Editor Comment:

No interest here is having readers quote ''facts'' from unreliable sources, slickmelb.


@ Terrible Shame

You are clearly not a diver.

Even the basic Open water diver course teaches how to react if vomiting. You vomit through the regulator.

Furthermore regulator recovery is also one of the very basics a dive course.

Had you been a diver, you would also know every diver has 2 regulators, the other being bright yellow and placed within easy reach on your BCD. The use of this "octopus" is also practiced during basic dive education.

Posted by Herbert on November 29, 2015 07:52



Posted by Capt Durkin on November 29, 2015 07:58

Editor Comment:

Speculation about the circumstances of this tragedy is unreasonable. Best wait for the authorities to investigate and report. RIP, young woman.


Dear Mr Editor,

Posted by Capt Durkin on November 29, 2015 10:22

Editor Comment:

Any assistance you wish to provide should be passed on directly to the investigators. We can't publish suspicions or allegations by anonymous online commenters.


Rare a report generates so much speculation interest and moderated comments look forward to updates Ed

Posted by slickmelb on November 29, 2015 14:36

Editor Comment:

All divers will be waiting with interest to see what happened in this case. Diving is a safe sport. When deaths occur, we need to know with precision an d accuracy what happened, to make sure the sport remains safe.

Guesswork? Stuff passed our way from other ''sources''? Don't give us that crap, please. RIP, young woman.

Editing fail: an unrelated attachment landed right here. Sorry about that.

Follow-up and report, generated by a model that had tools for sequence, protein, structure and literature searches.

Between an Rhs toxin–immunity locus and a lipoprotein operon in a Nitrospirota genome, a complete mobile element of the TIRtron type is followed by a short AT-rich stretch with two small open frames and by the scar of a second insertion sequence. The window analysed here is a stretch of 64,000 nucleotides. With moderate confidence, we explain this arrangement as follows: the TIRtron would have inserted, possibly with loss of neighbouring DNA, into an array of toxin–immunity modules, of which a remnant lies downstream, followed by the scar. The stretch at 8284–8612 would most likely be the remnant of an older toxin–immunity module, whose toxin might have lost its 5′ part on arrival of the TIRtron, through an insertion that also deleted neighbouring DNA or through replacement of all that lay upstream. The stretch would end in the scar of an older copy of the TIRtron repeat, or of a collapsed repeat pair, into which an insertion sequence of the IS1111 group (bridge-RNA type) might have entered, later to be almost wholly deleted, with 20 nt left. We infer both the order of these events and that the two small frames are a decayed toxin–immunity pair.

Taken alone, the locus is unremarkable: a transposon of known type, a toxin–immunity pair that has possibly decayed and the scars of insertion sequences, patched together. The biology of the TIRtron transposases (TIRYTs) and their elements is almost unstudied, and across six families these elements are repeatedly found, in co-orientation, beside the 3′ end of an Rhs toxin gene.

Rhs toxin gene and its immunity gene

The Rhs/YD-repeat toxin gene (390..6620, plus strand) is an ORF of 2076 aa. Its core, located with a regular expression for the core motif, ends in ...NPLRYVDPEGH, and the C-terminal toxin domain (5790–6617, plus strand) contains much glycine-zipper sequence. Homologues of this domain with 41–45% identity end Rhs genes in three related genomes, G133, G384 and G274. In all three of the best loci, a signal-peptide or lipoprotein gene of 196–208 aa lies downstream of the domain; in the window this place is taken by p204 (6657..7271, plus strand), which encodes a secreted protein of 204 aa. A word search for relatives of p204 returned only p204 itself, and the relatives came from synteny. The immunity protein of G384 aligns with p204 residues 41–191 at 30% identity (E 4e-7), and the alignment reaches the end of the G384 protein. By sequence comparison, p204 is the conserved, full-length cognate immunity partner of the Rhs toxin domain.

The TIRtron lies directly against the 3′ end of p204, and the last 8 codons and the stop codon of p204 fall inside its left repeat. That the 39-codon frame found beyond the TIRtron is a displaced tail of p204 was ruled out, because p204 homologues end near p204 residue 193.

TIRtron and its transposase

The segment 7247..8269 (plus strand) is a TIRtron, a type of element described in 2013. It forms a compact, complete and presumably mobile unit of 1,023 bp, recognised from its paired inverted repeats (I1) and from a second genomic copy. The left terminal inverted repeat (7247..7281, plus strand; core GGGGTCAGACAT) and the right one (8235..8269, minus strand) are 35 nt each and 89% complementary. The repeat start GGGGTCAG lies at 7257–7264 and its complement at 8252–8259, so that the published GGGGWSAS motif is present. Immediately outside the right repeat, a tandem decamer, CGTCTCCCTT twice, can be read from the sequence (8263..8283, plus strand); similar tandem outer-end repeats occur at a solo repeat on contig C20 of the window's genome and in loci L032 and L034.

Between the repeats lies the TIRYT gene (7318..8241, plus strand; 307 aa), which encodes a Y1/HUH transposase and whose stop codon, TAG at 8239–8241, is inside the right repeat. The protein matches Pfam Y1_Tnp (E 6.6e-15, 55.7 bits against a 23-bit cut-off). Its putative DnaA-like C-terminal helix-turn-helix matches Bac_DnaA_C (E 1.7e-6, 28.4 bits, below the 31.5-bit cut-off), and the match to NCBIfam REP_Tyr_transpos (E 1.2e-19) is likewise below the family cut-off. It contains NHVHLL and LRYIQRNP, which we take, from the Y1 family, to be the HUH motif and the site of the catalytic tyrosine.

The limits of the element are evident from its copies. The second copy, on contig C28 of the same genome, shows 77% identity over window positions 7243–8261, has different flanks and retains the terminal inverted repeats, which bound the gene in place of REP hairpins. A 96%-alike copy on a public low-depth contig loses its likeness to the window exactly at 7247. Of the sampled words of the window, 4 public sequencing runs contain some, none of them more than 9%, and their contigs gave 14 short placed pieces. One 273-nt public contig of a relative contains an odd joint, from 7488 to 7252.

Mr Editor, ( you not have to publish this).
I mostly comment as one of the first, I not 'parrot' popular comments. From other readers mostly I receive a 'agree' regarding my comments.

About this scuba dive tragedy I commented as a master scuba diver.
Now I read all the other comments, they all, one by one, wrote what I already all together wrote in my first comment( you not placed).
So I did add value.
You wrote about non issues as tattoos, etc, but until now you not wrote the poor woman was already dead for 6 hours before she was taken out of the water ( according the doctors in the hospital were she was taken to)
Kind regards, Kurt

Posted by Kurt on November 29, 2015 14:51

Editor Comment:

I suggest you reread the article, Kurt, especially the part where it says: ''A speedboat carried Ms Zhang back to the Andaman coast and she was taken to Thai Muang Hospital. In late afternoon, examining doctors said she had been dead for approximately six hours.''

You missed that bit, huh?

To rely on any information from any anonymous commenter would be a mistake because guesswork remains guesswork.